I'm just not sold on how it's being held there on the device.  Magnet's strong enough, but on the back it's easy to forget where it is.

I think I'm going to go back to my comments of something is needed to help with the holding of it.  Hold the pen and allow you to have a better grip or way to situate the tablet on a table or lap.

So, for that you're going to want to pick up even a book cover ($90CDN 'ish) or the keyboard cover ($225CDN 'ish).

This is already an expensive tablet, adding in the keyboard case (trust me, the keyboard is almost an essential requirement for this device - I can't tell you how much I use my Tab S4 and almost 100% of the time with the keyboard).

The device is really powerful, it can handle a lot.  We can multitask with it and with the games and apps I've used on it, even setting it in DeX and an external monitor, I didn't notice a hiccup at all with it.

The battery seemingly lasts forever.

Just to keep using it it's got to be comfortable and without some 'holder' I found it difficult.  So then for $1600CDN'ish in cost for the tablet and the keyboard case, it's really bordering on the 'too expensive' realm. At that price I've got to feel really secure in the ability to bring it around and use it comfortably and safely.  It's got the chops to be worth it, but ultimately you'll have to balance that for yourself. You could pick up a good touchscreeen laptop for that money... But then you'd have a permanently attached keyboard.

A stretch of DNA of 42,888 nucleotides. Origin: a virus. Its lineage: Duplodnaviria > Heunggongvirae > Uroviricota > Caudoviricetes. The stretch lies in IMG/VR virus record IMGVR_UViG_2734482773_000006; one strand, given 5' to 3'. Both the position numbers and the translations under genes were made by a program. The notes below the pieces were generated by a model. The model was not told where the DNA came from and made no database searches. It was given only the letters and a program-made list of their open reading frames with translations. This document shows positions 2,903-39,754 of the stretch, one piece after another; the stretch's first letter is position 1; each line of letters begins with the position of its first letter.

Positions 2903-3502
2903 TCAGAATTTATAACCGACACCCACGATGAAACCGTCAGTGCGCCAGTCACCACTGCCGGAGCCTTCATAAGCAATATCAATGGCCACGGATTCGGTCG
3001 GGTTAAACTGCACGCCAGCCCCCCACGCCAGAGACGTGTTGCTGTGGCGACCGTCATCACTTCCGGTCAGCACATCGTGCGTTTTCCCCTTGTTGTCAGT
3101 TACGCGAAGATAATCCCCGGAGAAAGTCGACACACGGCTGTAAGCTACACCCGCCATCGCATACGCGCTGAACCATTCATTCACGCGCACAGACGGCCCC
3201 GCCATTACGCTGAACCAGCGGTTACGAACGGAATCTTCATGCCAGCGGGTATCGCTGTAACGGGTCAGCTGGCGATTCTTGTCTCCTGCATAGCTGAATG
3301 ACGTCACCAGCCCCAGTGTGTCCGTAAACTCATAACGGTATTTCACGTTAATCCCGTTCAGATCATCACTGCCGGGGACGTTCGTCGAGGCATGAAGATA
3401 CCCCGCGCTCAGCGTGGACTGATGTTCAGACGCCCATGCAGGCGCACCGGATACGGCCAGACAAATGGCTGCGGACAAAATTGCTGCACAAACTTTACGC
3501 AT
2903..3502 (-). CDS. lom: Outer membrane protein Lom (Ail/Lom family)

Overall, loved the S9+, Samsung has really made some products to last (and to that end I'm still using my Tab S4 over 5 years later).  Is it worth $1600 ... if it can last 5 years, that's $320/year to put it into perspective.